I found the hotel really easily, and it only took about 5 minutes to walk there. I was really glad I’d brought an umbrella with me, because it rained constantly the whole time. But the rain was gentle and calm, if that makes sense. I didn’t mind it, and it didn’t make me frustrated, just happy. The hotel did end up being near a river, but not a real river. There is a tiny canal that runs down the length of the street that the hotel faces, hence the name ‘Riverside.’ I checked in with no hassle, and was given a special ‘ladies pack’ which included all the essentials for the female human. Things like a comb, shampoo, and a little scrunchie. There is a big bath and sauna complex in the hotel, but only men are allowed to use it, so I guess the ladies pack is the compensation for being female.
The room was clean and neat, and looked pretty modern, despite the slightly seedy appearance of the hotel’s lobby. I dumped the heaviest of my stuff, but wasn’t brave enough to leave my laptop or anything valuable in the room. Then I walked around the streets for a while, looking in a few stores and checking out which places looked tasty for dinner. I was looking at the menu of a ramen shop, when this gross began looking guy came out and said to me (in a dirty Australian accent) “its ramen. Like, noodles. It’s the bloody best one in the whole town.” That pretty much consolidated that I was not going to eat there. I found a place that served a bit of everything, including bibimbap, which I felt like, but the wait was 30 minutes, so I decided to find somewhere else. I was hungry, from not really eating a proper lunch, and felt like lots of food, fast. Across the street there was a little izakaya called Daruma, and I headed inside and was seated at the bar. This was great because I could see into the kitchen and watch the guys preparing food. One guy was working over hot charcoals, pumping out delicious yakitori and tending to the flames. It smelled amazing. I ordered a bunch of dishes, which were all cheap, and sat back to enjoy the atmosphere. The place was multi story, and most people were upstairs, so it kind of felt like I had the whole place to myself.
The dishes came out one by one, and I demolished them straight away. I had chicken and leek yakitori, shiitake yakitori, a Caesar salad (Japanese style) which had a soft egg on top, and some special vegetable and chicken rice cooked in its own pot. Everything was pretty tasty, but the salad was swimming in dressing. The best was the yakitori. After dinner, I was still hungry, but I couldn’t be bothered waiting for food to be cooked because I wanted to go to sleep. So I went to a convenience store and bought a little vegetable dish with 10 kinds of vegetable inside, and a chicken onigiri. I also got a little pudding and a 60 cent ice-cream bar which I ate back in the hotel. I used the downstairs LAN internet for a while, and I could see all the other guests in the hotel looking at me when they thought I wasn’t looking. It was like they’d never seen a girl before. I suppose the hotel does cater more towards men, but still. It was kind of weird.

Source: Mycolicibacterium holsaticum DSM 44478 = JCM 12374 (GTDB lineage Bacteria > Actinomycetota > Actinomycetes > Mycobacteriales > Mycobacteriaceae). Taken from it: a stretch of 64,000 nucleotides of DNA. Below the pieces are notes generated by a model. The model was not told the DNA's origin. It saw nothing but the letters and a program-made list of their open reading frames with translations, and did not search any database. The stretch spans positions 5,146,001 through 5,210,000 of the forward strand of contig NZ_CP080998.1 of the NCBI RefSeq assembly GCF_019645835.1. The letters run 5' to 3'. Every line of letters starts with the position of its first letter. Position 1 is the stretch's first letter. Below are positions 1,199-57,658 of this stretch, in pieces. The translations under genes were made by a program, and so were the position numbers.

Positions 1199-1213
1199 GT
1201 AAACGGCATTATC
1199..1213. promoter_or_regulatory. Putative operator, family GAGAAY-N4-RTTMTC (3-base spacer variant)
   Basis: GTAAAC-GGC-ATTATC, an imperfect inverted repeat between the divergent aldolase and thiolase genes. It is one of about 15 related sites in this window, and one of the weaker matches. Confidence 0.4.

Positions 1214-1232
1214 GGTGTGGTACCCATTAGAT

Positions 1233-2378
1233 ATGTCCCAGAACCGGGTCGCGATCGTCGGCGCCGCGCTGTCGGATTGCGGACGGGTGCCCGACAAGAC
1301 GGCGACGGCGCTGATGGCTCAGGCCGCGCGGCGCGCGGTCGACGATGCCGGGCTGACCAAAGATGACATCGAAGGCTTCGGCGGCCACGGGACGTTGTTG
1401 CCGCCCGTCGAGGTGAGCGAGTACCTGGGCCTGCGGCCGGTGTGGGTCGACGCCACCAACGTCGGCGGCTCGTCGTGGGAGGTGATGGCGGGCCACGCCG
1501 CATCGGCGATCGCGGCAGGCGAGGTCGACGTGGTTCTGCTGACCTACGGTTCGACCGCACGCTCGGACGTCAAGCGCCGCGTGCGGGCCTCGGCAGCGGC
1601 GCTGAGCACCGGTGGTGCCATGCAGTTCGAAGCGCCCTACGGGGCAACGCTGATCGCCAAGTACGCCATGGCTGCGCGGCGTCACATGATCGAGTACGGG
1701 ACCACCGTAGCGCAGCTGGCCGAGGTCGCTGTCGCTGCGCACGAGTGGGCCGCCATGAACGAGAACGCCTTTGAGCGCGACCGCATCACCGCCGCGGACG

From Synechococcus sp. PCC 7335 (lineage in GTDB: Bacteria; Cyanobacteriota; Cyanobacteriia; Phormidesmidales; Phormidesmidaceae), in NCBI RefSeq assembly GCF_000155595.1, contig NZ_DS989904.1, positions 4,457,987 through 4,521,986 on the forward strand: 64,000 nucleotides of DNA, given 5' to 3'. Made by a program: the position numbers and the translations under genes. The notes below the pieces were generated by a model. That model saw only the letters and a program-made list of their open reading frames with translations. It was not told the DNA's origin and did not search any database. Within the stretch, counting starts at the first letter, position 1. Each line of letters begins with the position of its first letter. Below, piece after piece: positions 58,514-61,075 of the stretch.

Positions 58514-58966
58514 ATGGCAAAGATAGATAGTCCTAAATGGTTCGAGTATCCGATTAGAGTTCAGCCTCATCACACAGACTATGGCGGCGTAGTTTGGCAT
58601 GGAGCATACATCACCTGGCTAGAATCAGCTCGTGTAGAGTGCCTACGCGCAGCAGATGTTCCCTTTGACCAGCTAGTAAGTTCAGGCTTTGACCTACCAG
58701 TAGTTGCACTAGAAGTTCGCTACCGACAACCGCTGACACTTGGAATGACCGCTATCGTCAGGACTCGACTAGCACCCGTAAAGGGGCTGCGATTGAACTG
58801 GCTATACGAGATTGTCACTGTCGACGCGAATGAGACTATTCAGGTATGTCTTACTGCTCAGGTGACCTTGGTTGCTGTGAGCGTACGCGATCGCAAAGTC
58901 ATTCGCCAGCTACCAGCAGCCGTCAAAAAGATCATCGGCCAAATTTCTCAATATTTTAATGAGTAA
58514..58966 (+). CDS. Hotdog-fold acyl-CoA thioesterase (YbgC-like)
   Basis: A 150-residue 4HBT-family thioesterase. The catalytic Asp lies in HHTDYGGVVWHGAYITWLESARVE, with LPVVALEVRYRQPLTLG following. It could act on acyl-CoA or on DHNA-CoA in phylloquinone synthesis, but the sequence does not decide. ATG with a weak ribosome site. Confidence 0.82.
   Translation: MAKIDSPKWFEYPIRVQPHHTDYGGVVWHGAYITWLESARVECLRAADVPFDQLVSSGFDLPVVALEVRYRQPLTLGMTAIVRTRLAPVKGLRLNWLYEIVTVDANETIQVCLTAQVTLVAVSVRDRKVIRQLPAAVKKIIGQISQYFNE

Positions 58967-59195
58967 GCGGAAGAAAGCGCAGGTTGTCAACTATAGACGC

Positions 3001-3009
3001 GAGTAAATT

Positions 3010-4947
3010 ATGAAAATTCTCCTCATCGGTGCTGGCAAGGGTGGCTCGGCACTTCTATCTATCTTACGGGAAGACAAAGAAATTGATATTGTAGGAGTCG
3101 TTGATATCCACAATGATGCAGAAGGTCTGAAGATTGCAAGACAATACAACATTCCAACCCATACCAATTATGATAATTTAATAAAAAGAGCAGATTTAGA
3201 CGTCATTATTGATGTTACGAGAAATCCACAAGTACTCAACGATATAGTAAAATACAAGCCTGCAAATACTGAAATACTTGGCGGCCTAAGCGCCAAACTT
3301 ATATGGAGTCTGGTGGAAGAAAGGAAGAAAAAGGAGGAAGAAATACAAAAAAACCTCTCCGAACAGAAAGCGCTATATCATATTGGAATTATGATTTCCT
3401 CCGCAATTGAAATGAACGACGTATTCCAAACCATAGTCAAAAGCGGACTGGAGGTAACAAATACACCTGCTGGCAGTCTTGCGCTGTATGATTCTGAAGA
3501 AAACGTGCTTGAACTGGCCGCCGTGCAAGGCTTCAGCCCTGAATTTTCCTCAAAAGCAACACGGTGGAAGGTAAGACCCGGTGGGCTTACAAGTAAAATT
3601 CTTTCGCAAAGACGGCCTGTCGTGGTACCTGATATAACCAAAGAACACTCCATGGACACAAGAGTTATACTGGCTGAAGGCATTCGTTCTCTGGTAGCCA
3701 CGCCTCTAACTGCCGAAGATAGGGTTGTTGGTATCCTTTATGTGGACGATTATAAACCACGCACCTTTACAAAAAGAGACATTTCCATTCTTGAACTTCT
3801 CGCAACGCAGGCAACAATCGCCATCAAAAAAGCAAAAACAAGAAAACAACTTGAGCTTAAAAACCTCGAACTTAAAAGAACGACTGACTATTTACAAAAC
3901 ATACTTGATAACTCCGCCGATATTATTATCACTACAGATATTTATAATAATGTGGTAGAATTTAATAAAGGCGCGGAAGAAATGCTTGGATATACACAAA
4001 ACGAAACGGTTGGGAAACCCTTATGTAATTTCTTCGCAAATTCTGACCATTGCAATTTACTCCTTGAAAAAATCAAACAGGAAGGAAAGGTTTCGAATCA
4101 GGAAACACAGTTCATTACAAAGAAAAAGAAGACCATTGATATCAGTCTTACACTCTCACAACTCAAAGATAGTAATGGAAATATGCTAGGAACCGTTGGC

Back in the room, I had a shower, and it was kind of nice not to have to wait and then race in when there was a free space. I had planned to go to bed early because I have a full day of activities tomorrow, but when I got in bed I knew I was going to have a crappy sleep. You see, the bed was catered more towards people who enjoy having metal springs poking between their rib cages. I could feel every single coil in the mattress, and there was nowhere on the bed that I could escape them. Ahh the joys of travelling.
I’m sorry there aren’t many photos today, I shot a lot of video instead, and I can’t upload it because I’m too cheap to pay for that privilege. Oh, and I probably won’t have internet access for a few days, so please don’t think I’m dead. I’m just on an island :)
I must have been truly exhausted last night, because I fell asleep immediately and didn’t wake up until 8:30. It was oddly quiet this morning, probably because the loud and annoying Phillipino people checked out already. Despite having the most solid sleep I’ve had in a week, I still felt tired and,my body felt like a bag of bricks. I guess that’s all the walking and cycling catching up with me. I had breakfast and got ready, then set out for a flea market that the girls last night were telling me about. I wanted to get a coffee from this cafe I saw yesterday, but it was closed. So I got a chilled one from Family Mart. Like I keep mentioning, it’s becoming an addiction. I walked to the temple where the market was held, and was surprised at how big it was. It completely covered the area in front of and next to the temple grounds, as well as spilling out into the streets. The vendors were selling mostly antique things (crockery, kimono fabric, bags, that kind of thing), but there were also some pickle and vegetable sellers thrown in for good measure. One side of the market was great, but the other was kind of tacky, packed with carnival style games and fried food stalls.
After looking around and debating whether or not to buy a hand carved wooden bento, I walked back towards the main river in Kyoto, to a station called Demachiyanagi. This station is the terminal for a special train that goes up into the northern mountains of Kyoto. There are two main towns that are accessible from this train; Kibune and Kurama. It is popular to hike between the two towns via a special route that passes through forest and temples. This is what I planned to do. So I took the train up to Kibuneguchi, where I would start my hike.